The earliest farmers in central and western Europe brought the Neolithic long house form circa 5000 BCE, or 7,000 years ago. These farming communities were established in groups of six to twelve people and housed huge extended families and relatives. They also kept livestock (mainly sheep and goats) and collected food for their houses and themselves. Long houses were probably made from wood, although stone versions have been found.
There are two main types of long house: the entrance porch type and the end-post type. The end-post long house has walls made of wooden posts set into the ground with a roof of woven branches or leaves. The entrance porch long house has walls made of vertical logs or poles set into the ground with a roof of woven branches or leaves. Both types of long house had one large opening at one end for entering and exiting the house. The doors and windows were often made of wood.
People started building longer and longer houses as time went on. By the Middle Bronze Age (about 2000 to 1500 BCE), Europeans were living in houses over 20 meters long. These buildings had multiple rooms used for different purposes. For example, one room might be used as a kitchen while another was used for sleeping. People also began to build larger and larger villages as they became more successful at farming. By the Iron Age (about 500 CE), most people in Europe were living in towns.
People began the Neolithic period at various dates in different countries, therefore people began to build dwellings in Sudan, Egypt, and West Asia around 10,000 BC, and in Greece around 6000 BC. People in England did not begin to build dwellings until around 3000 BC.
The oldest known house in North America was built by Native Americans in the lower Niagara River valley near present-day Buffalo, New York, about 1450 years ago. It was made out of wood and covered with clay.
The first European house was built in Germany by Karl Friedrich Schumacher in 1732. It was made out of stone and had a thatched roof.
Today's homes are much more sophisticated and modern than those of past generations. Most modern houses are constructed using one of several standardized techniques developed by architects over time: the stick style, the brick style, the frame style, and the concrete block style. These techniques are used alone or in combination with each other. For example, a frame house might have exposed beams inside and out, while a brick house would be completely enclosed by walls on all sides except for a door or window.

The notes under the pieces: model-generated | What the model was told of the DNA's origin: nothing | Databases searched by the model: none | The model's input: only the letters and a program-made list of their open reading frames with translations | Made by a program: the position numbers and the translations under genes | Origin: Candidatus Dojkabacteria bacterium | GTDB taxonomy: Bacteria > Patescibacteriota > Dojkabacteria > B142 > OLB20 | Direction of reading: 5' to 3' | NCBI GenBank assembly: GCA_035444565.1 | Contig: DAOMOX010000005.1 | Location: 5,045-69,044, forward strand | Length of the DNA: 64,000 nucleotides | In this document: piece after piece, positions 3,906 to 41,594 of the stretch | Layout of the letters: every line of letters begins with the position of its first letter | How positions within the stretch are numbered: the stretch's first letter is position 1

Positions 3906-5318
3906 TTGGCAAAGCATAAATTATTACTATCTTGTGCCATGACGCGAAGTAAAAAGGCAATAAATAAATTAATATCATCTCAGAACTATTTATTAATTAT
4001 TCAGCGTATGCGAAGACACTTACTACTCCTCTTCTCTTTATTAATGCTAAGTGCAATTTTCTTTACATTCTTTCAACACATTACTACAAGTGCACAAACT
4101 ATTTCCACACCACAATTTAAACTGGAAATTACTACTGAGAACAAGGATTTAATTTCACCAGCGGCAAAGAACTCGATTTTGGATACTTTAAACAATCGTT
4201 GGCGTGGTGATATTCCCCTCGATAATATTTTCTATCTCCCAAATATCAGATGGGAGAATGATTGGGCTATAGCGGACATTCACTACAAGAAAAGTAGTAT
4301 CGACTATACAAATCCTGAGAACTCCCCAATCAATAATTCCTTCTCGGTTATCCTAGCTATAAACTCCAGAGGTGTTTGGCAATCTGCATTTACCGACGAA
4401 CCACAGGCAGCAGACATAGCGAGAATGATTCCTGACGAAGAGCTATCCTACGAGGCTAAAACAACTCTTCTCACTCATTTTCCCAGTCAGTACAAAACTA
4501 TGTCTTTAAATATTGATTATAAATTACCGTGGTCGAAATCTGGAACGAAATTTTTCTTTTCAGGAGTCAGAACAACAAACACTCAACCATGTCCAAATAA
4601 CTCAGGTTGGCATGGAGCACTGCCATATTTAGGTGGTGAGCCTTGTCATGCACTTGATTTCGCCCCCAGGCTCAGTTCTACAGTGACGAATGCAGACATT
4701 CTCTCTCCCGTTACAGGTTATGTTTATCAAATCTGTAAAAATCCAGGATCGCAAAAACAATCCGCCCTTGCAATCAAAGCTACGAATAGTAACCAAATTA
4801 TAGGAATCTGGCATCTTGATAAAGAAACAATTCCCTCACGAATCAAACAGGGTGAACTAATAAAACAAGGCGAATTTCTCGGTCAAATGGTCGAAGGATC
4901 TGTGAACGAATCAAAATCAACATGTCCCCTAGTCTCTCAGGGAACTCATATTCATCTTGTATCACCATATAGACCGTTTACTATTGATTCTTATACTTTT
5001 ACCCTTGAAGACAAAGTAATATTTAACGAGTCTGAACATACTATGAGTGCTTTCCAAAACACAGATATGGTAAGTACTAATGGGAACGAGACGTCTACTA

When a family grows larger or if they want to keep an eye on their children when they are outside, a playhouse can be built for them.
Who constructed the first houses? Early people erected temporary shelters, but early farmers in the Middle East built the first permanent dwellings some 11,000 years ago. People utilized river boulders to create some of the oldest dwellings around that period at Zawi Chemi Shanidar in the Zagros Mountains. They made tools from bone and stone, cultivated crops, and hunted animals to survive.
People began building more substantial structures about 9500 B.C., but it was not until about 3500 B.C. that people started building true houses: those consisting of several rooms with windows and doors. The Egyptians are known for their sophisticated construction techniques and have left us with many documents detailing the procedures used by ancient builders. For example, workers used 2x4 wooden beams to construct houses without using nails or screws. They also made use of mudbrick as a cheap alternative to stone.
About 500 B.C., Greek scientists such as Pythagoras and Euclid published books on mathematics and science, which greatly advanced the field of architecture. Around A.D. 100, Roman architects such as Vitruvius developed guidelines for builders to follow when constructing buildings, including rules on proper measurements for walls and roofs.
The Chinese are credited with building the first house around 7,000 years ago, but historians believe that they may have been building larger versions of existing tents at this time.